Magazine Article - The MIT Press Reader

Beyond the "Nuclear Umbrella": Rethinking European Defense After the Russia-Ukraine War

| Feb. 22, 2024

Matthew Evangelista examines the precedents and possibilities for postwar European security.

Cover of International Security Spring 2024

Matthew Evangelista's article appears in the forthcoming issue of International Security.

February 24, 2024, marks the second anniversary of the full-scale Russian invasion of Ukraine. The war seems endless today. Both sides are dug into trenches on the front where they fight over scraps of land and devastated cities. The return of massive ground warfare in Europe in the 21st century raises questions about future Western relations with Russia. It also raises concerns about post-war Ukrainian and Western European security. The conventional wisdom is that Ukraine will be safer once it joins the North Atlantic Treaty Organization (NATO) to shelter under the U.S. nuclear umbrella, as long as it retains major U.S. and Western European financial, military, and diplomatic support.

But what if this conventional wisdom is wrong? In his article "A ‘Nuclear Umbrella' for Ukraine?," which appears in the forthcoming issue of the journal International Security, Matthew Evangelista, President White Professor of History and Political Science in the Department of Government at Cornell University, offers valuable insights regarding European security post-Russia-Ukraine war. He argues for a new, safer approach to European security after the end of the devastating Russia-Ukraine war.

"Extended nuclear deterrence is not up to the task. It remains a costly and risky approach to Russian aggression," Evangelista argues. This strategy, he writes, "stakes too much on the hope that Putin (or his successors) would refrain from actions that could provoke nuclear retaliation — even after he has ignited the biggest armed conflict in Europe since World War II and continues to menace NATO members with the threat of nuclear attack."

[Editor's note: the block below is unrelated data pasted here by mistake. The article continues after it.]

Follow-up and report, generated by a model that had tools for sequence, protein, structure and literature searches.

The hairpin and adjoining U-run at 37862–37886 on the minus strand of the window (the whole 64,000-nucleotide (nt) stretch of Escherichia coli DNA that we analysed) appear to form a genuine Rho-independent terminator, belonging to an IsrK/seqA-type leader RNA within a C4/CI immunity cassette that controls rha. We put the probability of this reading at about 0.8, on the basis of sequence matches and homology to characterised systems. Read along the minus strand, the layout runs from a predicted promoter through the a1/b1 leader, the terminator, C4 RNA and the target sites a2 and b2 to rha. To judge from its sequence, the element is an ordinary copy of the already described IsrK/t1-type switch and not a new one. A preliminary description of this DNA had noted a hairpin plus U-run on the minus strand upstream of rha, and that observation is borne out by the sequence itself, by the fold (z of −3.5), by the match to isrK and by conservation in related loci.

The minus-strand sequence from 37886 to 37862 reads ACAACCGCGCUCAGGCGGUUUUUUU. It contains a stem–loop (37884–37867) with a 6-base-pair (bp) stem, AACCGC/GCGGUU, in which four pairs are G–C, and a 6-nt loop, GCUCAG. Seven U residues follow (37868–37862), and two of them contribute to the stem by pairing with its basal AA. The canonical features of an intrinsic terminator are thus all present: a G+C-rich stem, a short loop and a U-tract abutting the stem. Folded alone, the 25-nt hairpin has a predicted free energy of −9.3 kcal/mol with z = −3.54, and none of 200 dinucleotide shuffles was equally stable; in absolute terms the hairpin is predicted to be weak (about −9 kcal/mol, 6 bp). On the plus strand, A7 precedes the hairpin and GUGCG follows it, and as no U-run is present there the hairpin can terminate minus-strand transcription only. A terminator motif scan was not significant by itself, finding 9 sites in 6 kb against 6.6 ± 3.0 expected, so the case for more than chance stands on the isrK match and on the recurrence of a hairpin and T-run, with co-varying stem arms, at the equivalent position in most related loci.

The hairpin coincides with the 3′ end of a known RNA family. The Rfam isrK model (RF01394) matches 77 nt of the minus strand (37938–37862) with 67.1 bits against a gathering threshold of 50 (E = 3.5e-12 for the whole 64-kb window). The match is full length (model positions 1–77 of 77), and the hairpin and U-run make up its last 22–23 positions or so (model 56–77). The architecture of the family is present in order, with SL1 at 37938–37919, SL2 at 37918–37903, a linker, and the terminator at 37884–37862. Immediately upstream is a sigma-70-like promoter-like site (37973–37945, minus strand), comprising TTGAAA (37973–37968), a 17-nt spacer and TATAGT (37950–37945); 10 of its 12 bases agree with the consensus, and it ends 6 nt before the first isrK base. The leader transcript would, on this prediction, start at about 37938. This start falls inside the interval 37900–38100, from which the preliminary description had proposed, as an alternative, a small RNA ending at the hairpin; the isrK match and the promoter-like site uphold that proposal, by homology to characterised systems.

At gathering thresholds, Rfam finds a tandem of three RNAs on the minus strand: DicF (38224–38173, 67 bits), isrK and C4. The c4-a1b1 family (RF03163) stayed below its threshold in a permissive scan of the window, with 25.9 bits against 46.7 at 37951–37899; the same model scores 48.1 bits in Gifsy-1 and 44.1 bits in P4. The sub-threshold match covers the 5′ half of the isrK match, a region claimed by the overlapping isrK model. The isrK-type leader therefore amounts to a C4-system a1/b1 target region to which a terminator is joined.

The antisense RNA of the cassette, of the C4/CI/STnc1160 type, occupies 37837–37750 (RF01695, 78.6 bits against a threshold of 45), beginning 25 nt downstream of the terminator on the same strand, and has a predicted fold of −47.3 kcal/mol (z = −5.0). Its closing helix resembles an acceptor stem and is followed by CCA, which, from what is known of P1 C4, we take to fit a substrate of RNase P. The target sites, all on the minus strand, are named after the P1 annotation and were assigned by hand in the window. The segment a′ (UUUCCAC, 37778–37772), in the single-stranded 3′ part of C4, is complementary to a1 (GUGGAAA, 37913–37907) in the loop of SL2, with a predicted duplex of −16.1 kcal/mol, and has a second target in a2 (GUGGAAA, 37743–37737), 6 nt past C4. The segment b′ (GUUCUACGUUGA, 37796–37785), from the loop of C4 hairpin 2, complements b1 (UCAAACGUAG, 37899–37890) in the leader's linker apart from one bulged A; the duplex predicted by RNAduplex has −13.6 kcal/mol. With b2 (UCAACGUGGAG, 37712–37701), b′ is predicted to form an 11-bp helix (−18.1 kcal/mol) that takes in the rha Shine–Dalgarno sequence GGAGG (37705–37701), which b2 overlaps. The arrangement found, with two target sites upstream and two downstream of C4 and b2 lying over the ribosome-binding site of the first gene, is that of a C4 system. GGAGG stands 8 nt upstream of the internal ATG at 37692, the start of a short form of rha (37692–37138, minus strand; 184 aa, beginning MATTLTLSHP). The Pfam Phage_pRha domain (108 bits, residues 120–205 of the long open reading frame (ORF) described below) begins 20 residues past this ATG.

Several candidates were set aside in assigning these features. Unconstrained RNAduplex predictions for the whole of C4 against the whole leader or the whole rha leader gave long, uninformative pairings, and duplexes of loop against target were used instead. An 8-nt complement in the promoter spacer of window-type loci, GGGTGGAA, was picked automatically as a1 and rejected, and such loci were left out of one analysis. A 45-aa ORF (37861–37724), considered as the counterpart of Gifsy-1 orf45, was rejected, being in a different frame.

The security threat from Russia is indisputable. Countering it is drawing renewed attention from scholars and practitioners. Evangelista's article, which we discuss below, offers a new lens through which to examine European security dynamics and potential pathways forward.

Could you give us a brief overview of your article? 

The article examines prospects for Ukrainian and European security once the current war with Russia ends. It draws on the history of the Cold War for two purposes: to question the claim that the threat of retaliation with U.S. nuclear weapons prevented a Soviet invasion of Europe after World War II; and to investigate the potential for applying strategies of non-offensive conventional defense, which emerged as an alternative to nuclear deterrence during the 1980s, to the Ukrainian and broader European situation....

For more information on this publication: Belfer Communications Office
For Academic Citation: Hazelton, Jacqueline and Matthew Evangelista. “Beyond the "Nuclear Umbrella": Rethinking European Defense After the Russia-Ukraine War.” The MIT Press Reader, February 22, 2024.

The Authors